She paid him no mind, wet dog that he was. She was engaged in conversation with a red head—lucky receiver of smiles and looks! Her laughter bounced sweetly off the walls while her delicate fingers were busy twisting the stem of an apple.

In an instant, the beauty’s eyes flashed to meet his and then away, sending a thrill through his breast.

The stem snapped from the apple and her feathery lashes drooped to survey the damage.

He felt sick, he felt sweaty.

Grabbing Paul by the elbow, Robert declared, ‘That’s the girl I’m going to marry!’

This Weekes Word (used above, astute reader) is an onamonapia (a word that phonetically mimics the action it is trying to describe). I recently came across it in Howards End and find it to be a most excellent and tragically underused word.

Tittupped/Tittupping: (intransitive verb of tittup) first used in 1703 to describe the rhythmic sound a horses hooves and coming to mean to move in a lively manner often with an exaggerated or affected action. Ex: Staked behind a desk, she watched the students, professors, doctors come and go, titupping across the marble floor.

xWG // @dazeandweekes // @weekes

17 thoughts on “For Alice Leave a comment

  1. What a perfect tribute! I also remarked on your Weekes Word as I was reading… If you hadn’t explained its origins, by the way, I would absolutely have credited you with its creation. I’m sure you still feel this lady’s loss very strongly, but how lucky you were to have known her! Both my grandmothers died when I was very young, and so most of my knowledge of them has come to me second-hand.

    Liked by 1 person

    • Man, perhaps I should have left things mysterious and taken all the credit for such a clever word!

      I know, I feel so lucky to have not only known her but also have had a very special relationship with her. I am especially keenly aware of that these days working with older/end-of-life people in social services, and witnessing relationships (or lack of relationships) that are so different from what I had with her. It hurts that I was so far away in the end, but I’m very grateful for what we had. I never knew my grandfathers, so I do sympathise with you. It was always very upsetting to my grandmother that I never got to meet the love of her life ❤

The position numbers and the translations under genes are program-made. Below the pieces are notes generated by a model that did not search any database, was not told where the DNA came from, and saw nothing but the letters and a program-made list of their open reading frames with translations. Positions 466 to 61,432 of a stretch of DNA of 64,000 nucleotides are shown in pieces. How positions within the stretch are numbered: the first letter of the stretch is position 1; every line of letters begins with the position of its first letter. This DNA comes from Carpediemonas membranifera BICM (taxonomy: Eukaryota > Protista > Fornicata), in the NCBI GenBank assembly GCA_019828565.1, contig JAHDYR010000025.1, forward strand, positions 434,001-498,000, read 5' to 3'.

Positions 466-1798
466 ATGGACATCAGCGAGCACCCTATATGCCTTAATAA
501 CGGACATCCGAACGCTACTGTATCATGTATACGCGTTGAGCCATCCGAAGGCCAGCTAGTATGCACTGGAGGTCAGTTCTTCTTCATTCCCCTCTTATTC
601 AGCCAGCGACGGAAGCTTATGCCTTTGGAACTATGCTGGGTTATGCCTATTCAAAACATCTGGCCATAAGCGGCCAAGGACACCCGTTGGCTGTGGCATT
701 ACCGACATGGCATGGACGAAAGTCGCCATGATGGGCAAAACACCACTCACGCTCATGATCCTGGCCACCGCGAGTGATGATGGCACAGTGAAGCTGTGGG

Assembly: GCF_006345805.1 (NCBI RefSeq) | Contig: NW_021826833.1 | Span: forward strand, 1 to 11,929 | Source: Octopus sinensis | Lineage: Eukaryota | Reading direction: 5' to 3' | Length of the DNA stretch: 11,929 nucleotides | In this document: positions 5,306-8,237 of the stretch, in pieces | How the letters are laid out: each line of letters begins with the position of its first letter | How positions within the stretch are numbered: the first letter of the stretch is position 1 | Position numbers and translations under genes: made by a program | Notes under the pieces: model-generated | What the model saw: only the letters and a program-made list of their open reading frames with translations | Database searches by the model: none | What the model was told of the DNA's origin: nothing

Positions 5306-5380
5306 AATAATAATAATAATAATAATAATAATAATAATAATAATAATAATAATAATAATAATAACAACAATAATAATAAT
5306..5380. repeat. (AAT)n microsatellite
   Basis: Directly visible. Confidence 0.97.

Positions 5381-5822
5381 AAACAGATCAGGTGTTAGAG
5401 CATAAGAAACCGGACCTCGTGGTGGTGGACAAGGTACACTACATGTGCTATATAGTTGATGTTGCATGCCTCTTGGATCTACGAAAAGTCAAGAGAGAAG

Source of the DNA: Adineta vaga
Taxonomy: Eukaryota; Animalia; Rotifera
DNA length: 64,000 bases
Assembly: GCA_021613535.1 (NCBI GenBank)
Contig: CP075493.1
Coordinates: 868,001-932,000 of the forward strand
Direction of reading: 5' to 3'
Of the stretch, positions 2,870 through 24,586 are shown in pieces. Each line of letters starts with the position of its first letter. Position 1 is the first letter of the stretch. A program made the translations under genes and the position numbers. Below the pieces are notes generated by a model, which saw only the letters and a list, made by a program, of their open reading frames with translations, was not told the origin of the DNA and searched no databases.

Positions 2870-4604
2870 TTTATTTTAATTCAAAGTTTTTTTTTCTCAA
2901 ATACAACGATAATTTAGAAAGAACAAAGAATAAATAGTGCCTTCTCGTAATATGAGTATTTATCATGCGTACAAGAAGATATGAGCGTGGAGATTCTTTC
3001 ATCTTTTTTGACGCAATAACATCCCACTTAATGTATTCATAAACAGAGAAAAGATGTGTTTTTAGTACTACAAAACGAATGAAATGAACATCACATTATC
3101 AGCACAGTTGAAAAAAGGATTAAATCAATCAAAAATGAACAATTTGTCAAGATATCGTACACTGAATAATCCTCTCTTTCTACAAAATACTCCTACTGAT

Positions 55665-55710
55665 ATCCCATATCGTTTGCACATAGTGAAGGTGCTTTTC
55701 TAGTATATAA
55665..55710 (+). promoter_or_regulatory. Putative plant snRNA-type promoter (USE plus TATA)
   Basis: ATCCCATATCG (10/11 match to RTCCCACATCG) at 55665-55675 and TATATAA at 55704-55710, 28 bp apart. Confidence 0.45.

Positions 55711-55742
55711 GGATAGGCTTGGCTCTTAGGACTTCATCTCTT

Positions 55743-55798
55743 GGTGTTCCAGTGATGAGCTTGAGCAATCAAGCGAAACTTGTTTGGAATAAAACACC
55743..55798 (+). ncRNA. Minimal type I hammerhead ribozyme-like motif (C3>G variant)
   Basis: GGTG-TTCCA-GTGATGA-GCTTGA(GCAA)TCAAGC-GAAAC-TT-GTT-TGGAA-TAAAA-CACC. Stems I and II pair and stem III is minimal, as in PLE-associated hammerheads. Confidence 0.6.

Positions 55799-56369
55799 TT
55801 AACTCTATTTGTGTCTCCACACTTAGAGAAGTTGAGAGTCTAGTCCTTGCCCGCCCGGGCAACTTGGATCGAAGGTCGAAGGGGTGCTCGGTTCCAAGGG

2. I love the looks on their faces in that photo…they could either be about to fall into a mad passionate kiss or burst out laughing so hard they cry. My family has always been a bit “weird” about telling the stories of how people met so I don’t have any tales like this in my arsenal, which makes me appreciate your even more. Thanks for it!!

    Liked by 1 person

    • So true – what a great description, thank you. I can’t get over how YOUNG they look (and also a little bit nervous?). Yes, my family actually isn’t very forthcoming either–all I knew from my grandmother was that my grandfather was in ‘love at first sight’ and told his friend he was going to go ask her out and then eventually marry her. The rest is pure imagination! I know absolutely nothing about the meet-cute of my other pair of grandparents, but that hasn’t stopped me from writing my own totally fictional account about them as well 🙂 I guess us writers are lucky in our ability to make things up/fill in the gaps! Thank you for reading.

      Liked by 1 person

      • That’s brilliant! Now I can finally have a way to fill in all those odd gaps in my family history. Although since most of my short stories devolve into something gruesome or funny (or both), this could be an interesting project!

        Liked by 1 person

  3. Wonderfully written. 🙂 Love how her personality shone through.

    And I was curious whether I’d have to go back through all your archives to find that Weekes Word!

    Liked by 1 person